I chose to mount the radiator with the water hoses to the back of the case. I did this to leave clearance for the SATA data and power cables at the front of the case where the optical drives are, and where the SATA cables and PSU 24 pin power cable connects to the mobo.
Incidentally, the case, the HAF 932, only accommodates the installed 230mm fan, or can have two 120mm fans installed. I had to mod the case to install two 140mm fans and the radiator. As such, I was only able to use four of the eight available screws to mount the new CPU cooling system. It's not obvious, but It's only screwed in at the ends of the radiator. The four screw holes in the middle where the two fans meet are not secured with screws.
Then it came time to prepare the mobo for the new i7 and the new cooling solution.
I had to take out the old mounting bracket for the old air cooler, and put on the new mounting bracket for the new water cooling solution.
As you can see, that mounting bracket does not go on straight. It seems counter intuitive, but yeah. It goes on crooked. I think it's because the bracket is designed to accommodate three different Intel CPU form factors: 775, 115x, and 1366/2011. In the case of Asrock's mobo, they had several holes for accommodating the 775 and 115x form factors as well. So, I had to consult the mobo book to figure out which holes on the mobo to use as well.
Next, I mounted the mobo to the mobo tray and hooked up all of the wiring, referring to the mobo book again (man, am I glad I kept all of that stuff – packaging, manuals, etc).
Next I put in the new CPU. I used Ceramique II (I've been a fan of Arctic's Ceramique for years). This time, I went with the dot of Thermal Interface Material (TIM) technique.
In the past, I would layer on a thin coating of TIM onto the CPU die, but many TIM and heatsink makers seem to think that the dot of TIM technique is best That's because the TIM spreads evenly as pressure is applied to it while mounting the heatsink/water block onto the CPU. The thin layer method was also very effective, but had the chance of catching an air pocket that acted as an insulator preventing heat transfer.
Because I wanted to use Ceramique II, I wiped off the TIM that came pre-applied to the water block.
I used 99.9% pure isopropyl alcohol to clean the water block's surface. There used to be a time when we had to polish a heatsink's surface to a mirror shine before mounting it, but as you can see in the case of this water block, it wasn't necessary. It saved me a lot of work. Thanks, Corsair!
I thought I'd have to add a SATA-to-Molex-to-3-pin power adapter to accommodate the extra fan, but it turned out that the mobo had plenty of 3 and 4 pin fan connectors. Yay!
With the radiator hoses mounted to the back of the case, the Ram Slots are not blocked, and neither is the molex 24 pin power connector, and the back of the optical drives have plenty of clearance for hands to plug and unplug SATA power and data cables.
After Operation Upgrade and Mod.
Now for the moment of truth. Did the BIOS flash successfully, or would I have to buy a new mobo? After making sure everything was properly connected and secured in place, I closed the case and reconnected it to all of it's periphery. I booted the machine, and it did some Flash BIOS stuff. It shut down and restarted a few times as it did so. However, at some point I realized that it was caught in an infinite loop of booting and shutting off.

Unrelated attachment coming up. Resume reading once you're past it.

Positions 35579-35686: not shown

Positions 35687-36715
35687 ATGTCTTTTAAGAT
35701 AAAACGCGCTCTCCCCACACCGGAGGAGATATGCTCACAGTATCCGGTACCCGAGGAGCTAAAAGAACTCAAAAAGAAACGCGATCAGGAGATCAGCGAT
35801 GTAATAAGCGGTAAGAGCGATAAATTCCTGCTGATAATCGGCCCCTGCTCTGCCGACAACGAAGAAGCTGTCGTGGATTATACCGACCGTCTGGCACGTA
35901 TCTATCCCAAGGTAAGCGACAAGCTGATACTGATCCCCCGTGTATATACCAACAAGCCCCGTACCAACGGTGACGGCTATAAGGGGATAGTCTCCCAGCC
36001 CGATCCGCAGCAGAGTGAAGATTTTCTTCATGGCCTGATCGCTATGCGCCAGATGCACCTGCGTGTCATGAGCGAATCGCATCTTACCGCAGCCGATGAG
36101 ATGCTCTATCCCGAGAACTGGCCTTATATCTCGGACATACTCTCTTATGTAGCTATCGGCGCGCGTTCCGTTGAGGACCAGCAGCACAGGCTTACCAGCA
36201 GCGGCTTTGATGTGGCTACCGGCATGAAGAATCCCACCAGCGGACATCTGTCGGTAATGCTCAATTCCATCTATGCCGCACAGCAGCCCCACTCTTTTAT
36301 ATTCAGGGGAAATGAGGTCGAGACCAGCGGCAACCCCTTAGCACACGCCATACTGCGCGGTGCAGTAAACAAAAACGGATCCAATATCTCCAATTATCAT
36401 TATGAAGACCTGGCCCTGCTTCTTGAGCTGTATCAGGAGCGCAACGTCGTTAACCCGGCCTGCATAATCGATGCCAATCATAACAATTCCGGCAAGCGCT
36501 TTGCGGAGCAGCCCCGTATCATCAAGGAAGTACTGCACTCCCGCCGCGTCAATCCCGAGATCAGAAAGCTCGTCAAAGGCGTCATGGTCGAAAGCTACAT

There is a “Clear CMOS” button on the back of the mobo, next to the input/out put connector ports. I pushed that button. The machine rebooted and I went into the BIOS. SUCCESS! The BIOS was updated. I had to set up the Boot Preference, because Windows 7, and my Linux partition, are installed on the external HDD enclosure which is connected via the Marvell SATA controller. Then I saved and rebooted. SUCCESS!! GRUB came on and I booted into Win7!
However, I had to reinstall some of the drivers for some of the hardware. I had to reinstall the nVidia graphics drivers. The onboard LAN drivers didn't need to be reinstalled, Windows recognized it and all that, but for some reason, it wasn't working. No Internet connection. I checked and re-double checked all of the network settings, and all of that. All of the settings were correct. I ended up uninstalling and reinstalling the onboard LAN diver. That didn't fix it, After a few hours of scratching my head, I ended up simply disabling the onboard LAN, in the BIOS, rebooting. Re-enabling the onboard LAN, rebooting. Bingo! That fixed it.
Everything is up and running, and it all works. The upgrading from SATA II and USB II to SATA III and USB III are noticeable with faster Windows boot ups, and faster game start ups. I imagine it would be even faster with solid state drives, but like I said earlier, I'll save that for a future PC build. There was also a noticeable improvement in USB data transfer rates, but with a limited number of USB III connectors, it seems I'll have to get a USB III hub.
There you have it. Another adventure in building an upper mid level gaming rig and then upgrading it, a few years later, has completed successfully (lucky me).
Edited by PlanetSmasher, 12 May 2014 - 07:13 PM.